- Submit – The Biblical word “submit” comes from the Greek “hupeiko” which means to yield; to passively surrender to an authority. Submission is similar to obedience but in this case one might question what is being commanded. Submission is voluntary.
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The Gospel Project takes men and women on a chronological, Christ-centered journey through the storyline of Scripture.
Our 13-session summer study is All Things New.
Examine the life of Paul and discover how through all the adversity, struggles, and persecution that he experienced, Jesus was present, powerful, and in control, just as He is with all believers.
Therefore, we can live in grace, strive for unity, defend the faith, and obey our Lord, overflowing with His love for us.
Why obedience is important to God. In our daily life, we know that obedience is a very essential habit one should abide to in our homes, workplaces and in the communities in which we live. In simple terms, obedience is compliance with an order, request, law or submission to another’s authority.
In our daily life, we know that obedience is a very essential habit one should abide to in our homes, workplaces and in the communities in which we live. In simple terms, obedience is compliance with an order, request, law or submission to another’s authority.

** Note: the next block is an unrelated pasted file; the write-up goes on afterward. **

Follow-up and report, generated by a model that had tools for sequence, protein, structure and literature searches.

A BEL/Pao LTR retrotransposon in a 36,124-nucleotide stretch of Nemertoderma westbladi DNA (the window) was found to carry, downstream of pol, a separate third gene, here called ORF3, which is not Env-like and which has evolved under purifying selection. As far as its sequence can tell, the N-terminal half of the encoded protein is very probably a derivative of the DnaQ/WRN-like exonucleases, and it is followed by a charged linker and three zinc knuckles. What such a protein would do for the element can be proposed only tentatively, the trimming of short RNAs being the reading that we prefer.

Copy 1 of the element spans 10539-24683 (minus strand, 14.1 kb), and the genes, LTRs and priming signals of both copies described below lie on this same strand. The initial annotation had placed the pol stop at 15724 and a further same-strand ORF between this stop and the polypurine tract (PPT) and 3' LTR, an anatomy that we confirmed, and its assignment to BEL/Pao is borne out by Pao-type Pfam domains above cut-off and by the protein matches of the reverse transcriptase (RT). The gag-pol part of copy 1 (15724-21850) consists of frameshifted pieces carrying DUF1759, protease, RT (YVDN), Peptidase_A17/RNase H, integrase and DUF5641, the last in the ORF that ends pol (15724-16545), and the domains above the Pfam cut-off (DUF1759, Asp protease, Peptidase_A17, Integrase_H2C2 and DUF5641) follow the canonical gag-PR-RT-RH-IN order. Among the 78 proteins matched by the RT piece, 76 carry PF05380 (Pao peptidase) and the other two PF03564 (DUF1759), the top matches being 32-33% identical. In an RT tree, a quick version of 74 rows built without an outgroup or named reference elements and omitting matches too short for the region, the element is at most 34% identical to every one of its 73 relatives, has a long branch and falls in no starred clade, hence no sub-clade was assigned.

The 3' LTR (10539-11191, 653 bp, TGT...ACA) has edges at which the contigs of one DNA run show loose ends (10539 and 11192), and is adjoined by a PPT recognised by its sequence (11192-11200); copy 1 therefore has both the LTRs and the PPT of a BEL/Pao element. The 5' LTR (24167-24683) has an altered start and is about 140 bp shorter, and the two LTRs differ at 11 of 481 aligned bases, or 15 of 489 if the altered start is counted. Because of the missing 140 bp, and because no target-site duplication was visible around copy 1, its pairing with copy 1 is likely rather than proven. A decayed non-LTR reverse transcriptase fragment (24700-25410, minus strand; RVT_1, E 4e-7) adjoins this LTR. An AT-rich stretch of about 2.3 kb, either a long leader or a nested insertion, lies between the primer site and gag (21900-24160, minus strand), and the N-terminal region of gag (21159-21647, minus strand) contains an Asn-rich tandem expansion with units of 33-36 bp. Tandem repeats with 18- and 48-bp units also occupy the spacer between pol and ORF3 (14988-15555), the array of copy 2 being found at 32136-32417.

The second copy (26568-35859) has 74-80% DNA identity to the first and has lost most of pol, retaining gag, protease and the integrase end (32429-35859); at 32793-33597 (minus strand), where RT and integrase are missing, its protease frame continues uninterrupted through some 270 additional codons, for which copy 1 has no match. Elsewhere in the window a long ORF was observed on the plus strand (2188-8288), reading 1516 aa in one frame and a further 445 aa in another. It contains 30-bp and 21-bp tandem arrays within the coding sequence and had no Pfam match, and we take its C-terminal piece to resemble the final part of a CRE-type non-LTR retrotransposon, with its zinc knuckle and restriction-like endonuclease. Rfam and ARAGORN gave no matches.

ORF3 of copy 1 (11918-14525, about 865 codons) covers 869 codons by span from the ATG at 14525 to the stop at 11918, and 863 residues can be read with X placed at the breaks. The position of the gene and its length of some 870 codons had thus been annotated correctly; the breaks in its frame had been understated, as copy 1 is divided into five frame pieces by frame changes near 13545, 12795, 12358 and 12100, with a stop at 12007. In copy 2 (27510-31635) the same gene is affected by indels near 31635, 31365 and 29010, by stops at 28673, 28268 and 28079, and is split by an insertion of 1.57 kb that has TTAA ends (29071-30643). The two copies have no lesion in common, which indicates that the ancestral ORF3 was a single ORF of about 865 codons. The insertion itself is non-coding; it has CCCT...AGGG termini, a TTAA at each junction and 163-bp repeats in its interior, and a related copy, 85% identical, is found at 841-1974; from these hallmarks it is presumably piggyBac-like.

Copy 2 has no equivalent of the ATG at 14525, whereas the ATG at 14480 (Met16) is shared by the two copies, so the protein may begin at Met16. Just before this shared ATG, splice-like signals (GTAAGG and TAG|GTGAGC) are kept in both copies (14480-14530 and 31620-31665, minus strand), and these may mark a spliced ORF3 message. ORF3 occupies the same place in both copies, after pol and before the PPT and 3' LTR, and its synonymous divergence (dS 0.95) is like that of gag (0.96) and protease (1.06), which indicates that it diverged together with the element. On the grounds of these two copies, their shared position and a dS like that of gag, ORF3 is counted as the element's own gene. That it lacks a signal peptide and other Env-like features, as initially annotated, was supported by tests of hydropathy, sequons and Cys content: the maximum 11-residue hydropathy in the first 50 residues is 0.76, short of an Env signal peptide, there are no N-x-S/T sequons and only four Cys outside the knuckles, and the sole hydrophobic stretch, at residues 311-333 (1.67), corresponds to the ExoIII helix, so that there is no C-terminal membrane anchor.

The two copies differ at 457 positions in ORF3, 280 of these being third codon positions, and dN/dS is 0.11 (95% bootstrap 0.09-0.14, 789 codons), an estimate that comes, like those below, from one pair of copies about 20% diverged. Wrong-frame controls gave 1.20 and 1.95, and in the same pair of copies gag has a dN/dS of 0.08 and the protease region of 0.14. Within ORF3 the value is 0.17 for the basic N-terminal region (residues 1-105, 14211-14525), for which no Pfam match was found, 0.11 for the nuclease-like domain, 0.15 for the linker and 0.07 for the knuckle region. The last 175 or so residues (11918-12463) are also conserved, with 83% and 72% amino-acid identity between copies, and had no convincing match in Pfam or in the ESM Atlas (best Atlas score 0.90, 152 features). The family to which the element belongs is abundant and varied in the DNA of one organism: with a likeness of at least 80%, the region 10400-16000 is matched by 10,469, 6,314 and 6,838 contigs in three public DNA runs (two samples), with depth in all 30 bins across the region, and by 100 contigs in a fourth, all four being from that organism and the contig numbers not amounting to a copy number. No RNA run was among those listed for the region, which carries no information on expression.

The bible also talks a lot about obedience as it is seen in many scriptures.
Children are asked to obey their parents in Ephesians 6:1 as this is the right way to behave as a child in a family. “Children, obey your parents in the Lord, for this is right”
In Colossians 3:18, Wives are also called upon to be submissive to their partners as this is fitting with the lord. “Wives, submit yourselves to your husbands, as is fitting in the Lord”
Husbands too are asked to treat their wives with respect in 1peter 3:7 which says, “Husbands, in the same way be considerate as you live with your wives, and treat them with respect as the weaker partner and as heirs with you of the gracious gift of life, so that nothing will hinder your prayers”
We see in Philippians 2:8 that even Jesus showed obedience to death and death on the cross. “And being found in appearance as a man, he humbled himself by becoming obedient to death even death on a cross” hence why the bible stresses it an essential part of the Christian faith.